The brutal wages of Mr. Aquino’s Social Darwinism

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MARLEN V. RONQUILLO

Poor Filipinos are so used to bad leadership that, a few years after the fact, there is only a vague recollection of the trespasses committed by a particularly bad leadership. Take the case of Mr. Aquino. The extremism of Mr. Duterte has the effect of dulling the brain, addled by a lack of nutrients in the first place, of the many trespasses committed by Mr. Aquino under his six years of unfettered and unapologetic Social Darwinism.

Good the horrible dengue vaccine issue jolted our dulling memory on the many sins committed by Mr. Aquino and his government. What we said after his exit from power in 2016, that the years 2010 to 2016 were the “Lost Years” for people outside of the circle of wealth, power and privilege, was duly remembered.

How brutal were the Aquino years for people like us, like in our case, the peasantry? This peasant will recall what he can recall.

Mr. Aquino – this is on record – used the Napoles scam for a full-blown assault on the small farmers. Believe it or not, his first act after the unraveling of the scam was not taking up steps to lock up the perpetrators. That came later. What he did, first and foremost, was to cut off the token subsidies to small farmers: seed subsidies, production support etc. The small farmers were the prime victims of the scam. The Napoles Gang organized fake, farm-sounding and farm-oriented “cooperatives” to receive the SAROs from the legislator-crooks and used fake farmers as beneficiaries of the non-existent proceeds.


Yet, Mr. Aquino and his gang lumped up the victims – the small farmers – under the category of perpetrators and punished them heavily. For being victims, for God’s sake.

The scrapping of the token subsidies for farmers amid an environment that was skewed against the agriculture sector in general and small farmers in particular, was unprecedented. No President before Mr. Aquino has done what Mr. Aquino did – take away the crumbs from small farmers. And he even attempted to merge the Land Bank with the Development Bank of the Philippines to create a state-owned megabank, and to do away with Land Bank’s original mandate of lending to small farmers and agrarian reform beneficiaries.

In contrast, Mr. Aquino’s investment people took time before scrapping the tax holiday granted to poultry, feeds and piggery business put up in Central Luzon by the largest Thai conglomerate, the CP, which is controlled by the richest man in the Asean region.

Smuggling of agricultural commodities, from rice to the various meat products, surged to unprecedented levels during the time of Mr. Aquino. The Bureau of Customs data on agricultural commodities that came in was dramatically lower than what global shipping data and UN trade data reported. The difference was the smuggled portion and that was quoted in billions of dollars a year. In the case of my backyard hog farm, I had to rely on OFW remittance to keep the losing farm and prevent the dislocation of the five breadwinners that depended on it. The farm group SINAG has complete files on the massive smuggling of agricultural goods during Mr. Aquino’s six years in power.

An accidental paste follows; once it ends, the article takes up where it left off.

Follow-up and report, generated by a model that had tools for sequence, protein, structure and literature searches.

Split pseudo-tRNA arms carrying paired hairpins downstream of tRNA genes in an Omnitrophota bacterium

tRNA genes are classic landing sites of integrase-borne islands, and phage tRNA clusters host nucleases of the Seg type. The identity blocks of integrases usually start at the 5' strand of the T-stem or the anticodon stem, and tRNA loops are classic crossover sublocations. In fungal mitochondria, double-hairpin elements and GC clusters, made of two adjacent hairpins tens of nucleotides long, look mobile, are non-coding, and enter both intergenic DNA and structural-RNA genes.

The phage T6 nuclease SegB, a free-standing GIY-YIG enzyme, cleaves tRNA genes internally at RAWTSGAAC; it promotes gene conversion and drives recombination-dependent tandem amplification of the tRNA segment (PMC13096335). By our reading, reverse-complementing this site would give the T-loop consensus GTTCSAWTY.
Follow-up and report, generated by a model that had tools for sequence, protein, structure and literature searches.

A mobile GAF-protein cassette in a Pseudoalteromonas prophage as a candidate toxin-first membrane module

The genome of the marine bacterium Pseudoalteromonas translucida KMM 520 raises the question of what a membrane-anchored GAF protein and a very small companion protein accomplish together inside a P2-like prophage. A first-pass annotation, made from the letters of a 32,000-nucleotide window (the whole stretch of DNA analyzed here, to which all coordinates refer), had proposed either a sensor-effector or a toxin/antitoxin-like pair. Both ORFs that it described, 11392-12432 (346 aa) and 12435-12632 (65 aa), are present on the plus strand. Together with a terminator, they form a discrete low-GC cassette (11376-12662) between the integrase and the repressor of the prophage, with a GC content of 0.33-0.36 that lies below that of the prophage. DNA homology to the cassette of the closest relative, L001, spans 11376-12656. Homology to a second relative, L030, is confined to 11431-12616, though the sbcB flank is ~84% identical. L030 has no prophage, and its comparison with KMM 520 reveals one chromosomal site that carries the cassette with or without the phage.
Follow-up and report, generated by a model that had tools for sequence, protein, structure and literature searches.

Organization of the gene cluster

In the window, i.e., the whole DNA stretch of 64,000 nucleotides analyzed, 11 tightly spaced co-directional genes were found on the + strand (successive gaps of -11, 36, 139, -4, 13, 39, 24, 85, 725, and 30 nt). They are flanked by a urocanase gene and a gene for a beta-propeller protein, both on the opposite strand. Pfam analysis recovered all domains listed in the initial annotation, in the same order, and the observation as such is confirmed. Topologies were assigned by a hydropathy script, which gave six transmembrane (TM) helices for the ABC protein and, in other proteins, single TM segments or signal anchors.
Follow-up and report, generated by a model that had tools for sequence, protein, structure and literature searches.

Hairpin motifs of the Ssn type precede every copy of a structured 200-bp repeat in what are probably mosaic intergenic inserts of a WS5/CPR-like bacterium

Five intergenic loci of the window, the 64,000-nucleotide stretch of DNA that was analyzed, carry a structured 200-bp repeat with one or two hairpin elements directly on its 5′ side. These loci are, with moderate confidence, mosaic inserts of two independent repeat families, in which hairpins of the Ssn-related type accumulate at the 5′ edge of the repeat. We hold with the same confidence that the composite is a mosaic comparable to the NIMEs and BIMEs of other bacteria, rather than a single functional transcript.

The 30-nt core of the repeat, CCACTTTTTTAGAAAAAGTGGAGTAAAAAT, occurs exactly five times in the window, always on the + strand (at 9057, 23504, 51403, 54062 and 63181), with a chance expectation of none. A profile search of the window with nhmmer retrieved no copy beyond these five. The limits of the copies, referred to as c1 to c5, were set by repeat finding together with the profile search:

Rice importation was also reckless and uncalibrated. It was estimated that the volume of rice that came under the MAV and the legal imports exceeded 2 million metric tons a year under the six years of Mr. Aquino. With the smuggled rice, that came to 3 million metric tons a year.

But what was probably the signature act that demonstrated his contempt for the small farmers, that heavily depended on government programs and funds for survival, was his appointment of a former House seatmate and a former public works contractor, Proceso Alcala as Department of Agriculture secretary. Mr. Alcala was a kontratista in politics, with the least qualification to handle the sensitive DA portfolio. True to form, Mr. Alcala’s last quarter in office was punctuated by a negative 4.4 percent growth for the agriculture sector.

If there was a consuelo de bobo for small farmers, it was the fact that Mr. Aquino lumped all small people, those outside of the circle of power, wealth and privilege, into the general category of deplorables.

Mr. Aquino vetoed the “ tokens” Congress had passed in the name of the Everyman without hesitation and remorse. His infamous veto of the draft Magna Carta for the Poor, on the flimsy and baseless reasoning that it would bust his beloved budget, was to be followed by his serial refusal to grant anything that would benefit the small people, topped, near the end of his term, by his rejection of a tax break for the wage earners and a meager increase in the SSS pension.

So obsessed Mr. Aquino was with his screw-the-small people policy that a failed American presidential candidate known for his flat-tax policy and his general promotion of the plutocracy, Steve Forbes, wanted Mr. Aquino to be the US President.

Forbes represents the public face of the Republican Party’s favor-the-rich, reverse Robin Hood policies, and was overly impressed with the brutal Social Darwinism of Mr. Aquino.

Of course, Mr. Aquino screwed the small people to usher in a sort of Gilded Age for the PH superrich. While Mr. Aquino made sure that the remote communities with 74 percent to 84 percent poverty levels stayed that way, his governance also made sure that the elite families moved up for their wealthy status to an entirely new category of “those-who-can-buy-a-small country-rich.”

Mr. Forbes magazine has been tracking the wealth of the global elite and under Mr. Aquino, a handful of new names entered the list of global dollar billionaires. That Gilded Age, PH version, is the most inspired legacy of Mr. Aquino.

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